Friday is full-swing mode for ROT with thousands of bikers making the trip from cities across Texas, neighboring border states (including a large contingency from Mexico) and sometimes even from overseas due to the lure of the Lone Star State mystique (we had numerous guests from Germany this year). And while many have no desire to participate in the Friday night parade personally, thousands of riders do converge early on the downtown district of Austin in anticipation of the event that set a Guinness World Record several years ago. An estimated 100,000 to 140,000 people flooded the 52 barricaded blocks for this year’s Friday night party. During this time, only motorcycles and foot traffic can be found on streets of Congress Avenue and the world-famous 6th Street, known as the “Live Music Capital of the World.” The parade lasted more than an hour as bikes wheeled into downtown with the iconic State Capitol building as a dramatic backdrop to a near-perfect evening. Temperatures were a toasty 90 degrees at sunset with the roar of V-Twins and others notching it up a few degrees upon arrival. But safe and cool havens were abundant, with nearby 6th Street and its multiple bars serving up frosty refreshments and chilled beverages—friendships forged, parties unbridled, memories blurred.
But despite the over-the-top party atmosphere at ROT, we are somewhat a self-controlled bracket of revelers. While there were 26
motorcycle accidents over the ROT weekend (and three deaths), none were attributed to alcohol. Beginning this year, the Republic of Texas Rally promoters instituted a Ride Safe—Ride Sober program. The phrase was even imprinted on the mandatory admission wristband as a reminder each time you raised that cerveza to your lips. Even Austin Police Department Lt. Derek Galloway was impressed when he stated to local KVUE News, “We did not have anybody arrested for DWI on a motorcycle, and we did not have any fatality crashes that involved alcohol. We made 50 arrests for DWI, but again, none of those were motorcycle riders.”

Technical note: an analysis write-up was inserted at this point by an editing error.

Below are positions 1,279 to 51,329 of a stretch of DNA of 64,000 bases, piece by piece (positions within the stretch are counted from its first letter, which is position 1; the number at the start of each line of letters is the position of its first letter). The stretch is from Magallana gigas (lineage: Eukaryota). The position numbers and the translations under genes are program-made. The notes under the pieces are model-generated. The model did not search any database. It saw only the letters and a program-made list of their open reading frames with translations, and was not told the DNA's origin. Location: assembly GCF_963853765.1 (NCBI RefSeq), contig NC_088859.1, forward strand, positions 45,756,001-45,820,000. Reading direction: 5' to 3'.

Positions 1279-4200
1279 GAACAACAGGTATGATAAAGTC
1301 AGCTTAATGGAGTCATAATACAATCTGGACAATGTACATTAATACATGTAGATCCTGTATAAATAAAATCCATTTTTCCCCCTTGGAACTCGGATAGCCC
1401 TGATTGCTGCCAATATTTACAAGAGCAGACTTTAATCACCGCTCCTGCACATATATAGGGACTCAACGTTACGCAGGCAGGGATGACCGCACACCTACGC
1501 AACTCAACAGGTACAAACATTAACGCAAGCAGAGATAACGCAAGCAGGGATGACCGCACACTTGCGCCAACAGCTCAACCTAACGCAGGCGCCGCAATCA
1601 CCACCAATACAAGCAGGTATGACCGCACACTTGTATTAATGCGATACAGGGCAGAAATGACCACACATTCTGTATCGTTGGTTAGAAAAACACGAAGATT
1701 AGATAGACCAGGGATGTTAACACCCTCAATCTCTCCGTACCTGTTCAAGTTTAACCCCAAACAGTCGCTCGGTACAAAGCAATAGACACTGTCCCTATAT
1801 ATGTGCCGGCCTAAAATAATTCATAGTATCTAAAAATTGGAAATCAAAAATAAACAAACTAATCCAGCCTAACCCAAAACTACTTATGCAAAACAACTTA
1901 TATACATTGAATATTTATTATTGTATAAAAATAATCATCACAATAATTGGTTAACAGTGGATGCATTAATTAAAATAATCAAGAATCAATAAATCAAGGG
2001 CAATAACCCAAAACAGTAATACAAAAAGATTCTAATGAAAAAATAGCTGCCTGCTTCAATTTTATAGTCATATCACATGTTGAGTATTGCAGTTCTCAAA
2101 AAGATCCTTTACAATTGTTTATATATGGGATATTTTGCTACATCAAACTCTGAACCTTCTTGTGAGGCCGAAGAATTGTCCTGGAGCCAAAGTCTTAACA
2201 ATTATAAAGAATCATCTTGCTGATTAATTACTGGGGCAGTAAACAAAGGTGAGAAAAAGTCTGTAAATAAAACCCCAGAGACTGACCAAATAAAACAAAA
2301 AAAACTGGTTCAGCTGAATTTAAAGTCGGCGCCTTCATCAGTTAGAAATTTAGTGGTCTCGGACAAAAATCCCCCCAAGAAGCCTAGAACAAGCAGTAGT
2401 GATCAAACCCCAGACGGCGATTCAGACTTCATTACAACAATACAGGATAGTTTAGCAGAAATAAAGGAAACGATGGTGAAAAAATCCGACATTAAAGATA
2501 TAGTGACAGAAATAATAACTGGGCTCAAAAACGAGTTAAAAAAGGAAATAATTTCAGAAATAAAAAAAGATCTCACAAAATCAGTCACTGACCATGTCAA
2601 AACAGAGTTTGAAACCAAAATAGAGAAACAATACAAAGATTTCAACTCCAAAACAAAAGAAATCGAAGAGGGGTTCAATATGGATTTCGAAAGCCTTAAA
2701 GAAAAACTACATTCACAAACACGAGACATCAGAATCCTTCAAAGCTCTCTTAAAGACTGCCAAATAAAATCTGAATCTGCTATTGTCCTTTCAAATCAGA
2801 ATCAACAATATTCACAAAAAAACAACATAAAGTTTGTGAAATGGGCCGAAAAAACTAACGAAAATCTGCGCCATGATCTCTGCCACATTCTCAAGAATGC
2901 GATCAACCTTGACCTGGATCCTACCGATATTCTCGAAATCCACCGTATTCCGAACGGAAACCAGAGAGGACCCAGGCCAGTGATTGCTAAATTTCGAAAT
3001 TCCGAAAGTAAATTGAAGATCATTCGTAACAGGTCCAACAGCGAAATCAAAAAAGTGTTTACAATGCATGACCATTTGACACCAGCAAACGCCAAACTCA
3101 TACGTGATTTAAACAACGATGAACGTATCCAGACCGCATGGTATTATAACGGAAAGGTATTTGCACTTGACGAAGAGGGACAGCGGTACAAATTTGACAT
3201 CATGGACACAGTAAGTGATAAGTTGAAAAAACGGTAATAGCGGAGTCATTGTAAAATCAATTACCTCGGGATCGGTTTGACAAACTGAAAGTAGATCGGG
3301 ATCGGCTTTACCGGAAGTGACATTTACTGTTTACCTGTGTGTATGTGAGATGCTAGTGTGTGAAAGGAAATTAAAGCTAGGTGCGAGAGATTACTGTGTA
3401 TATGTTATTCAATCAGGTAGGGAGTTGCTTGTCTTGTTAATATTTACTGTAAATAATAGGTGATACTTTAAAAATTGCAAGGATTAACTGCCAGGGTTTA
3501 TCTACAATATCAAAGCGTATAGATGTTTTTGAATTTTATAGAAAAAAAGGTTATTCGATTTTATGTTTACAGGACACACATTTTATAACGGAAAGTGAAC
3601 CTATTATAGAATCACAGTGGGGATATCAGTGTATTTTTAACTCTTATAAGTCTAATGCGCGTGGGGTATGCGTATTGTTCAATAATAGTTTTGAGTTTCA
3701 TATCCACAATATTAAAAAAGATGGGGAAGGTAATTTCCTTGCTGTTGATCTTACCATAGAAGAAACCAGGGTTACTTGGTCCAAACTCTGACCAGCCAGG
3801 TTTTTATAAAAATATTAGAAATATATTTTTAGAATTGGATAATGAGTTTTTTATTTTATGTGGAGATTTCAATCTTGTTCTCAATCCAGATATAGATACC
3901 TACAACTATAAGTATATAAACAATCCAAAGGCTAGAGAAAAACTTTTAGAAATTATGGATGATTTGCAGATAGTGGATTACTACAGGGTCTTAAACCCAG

If you only attended the Friday party downtown and never actually visited the rally site, then you missed out on a giant show. Saturday presented a huge offering including two of Texas’ most acclaimed residents, Jesse James and Ted Nugent, neither native Texans, but both embracing the Wild West attitude that is impossible to ignore. While Friday night’s music selection included Shooter Jennings on the Expo’s main stage, Saturday gave way to continuous talent including comics and live music at the Paradise Bar. And that’s the only drawback to this event: there is so much crammed into the weekend, you are hard pressed to see it all. While I was fully engrossed in capturing the action at the Biker Rodeo in the covered vendor mall, I was missing the Hulk Hogan Micro Championship Wrestling being held at the same time in the ThunderDome Arena. I bumped into famed photographer Michael Lichter at the bike games and he was torn between covering the rodeo and the ride-in bike show. It was one busy day—even for us professionals.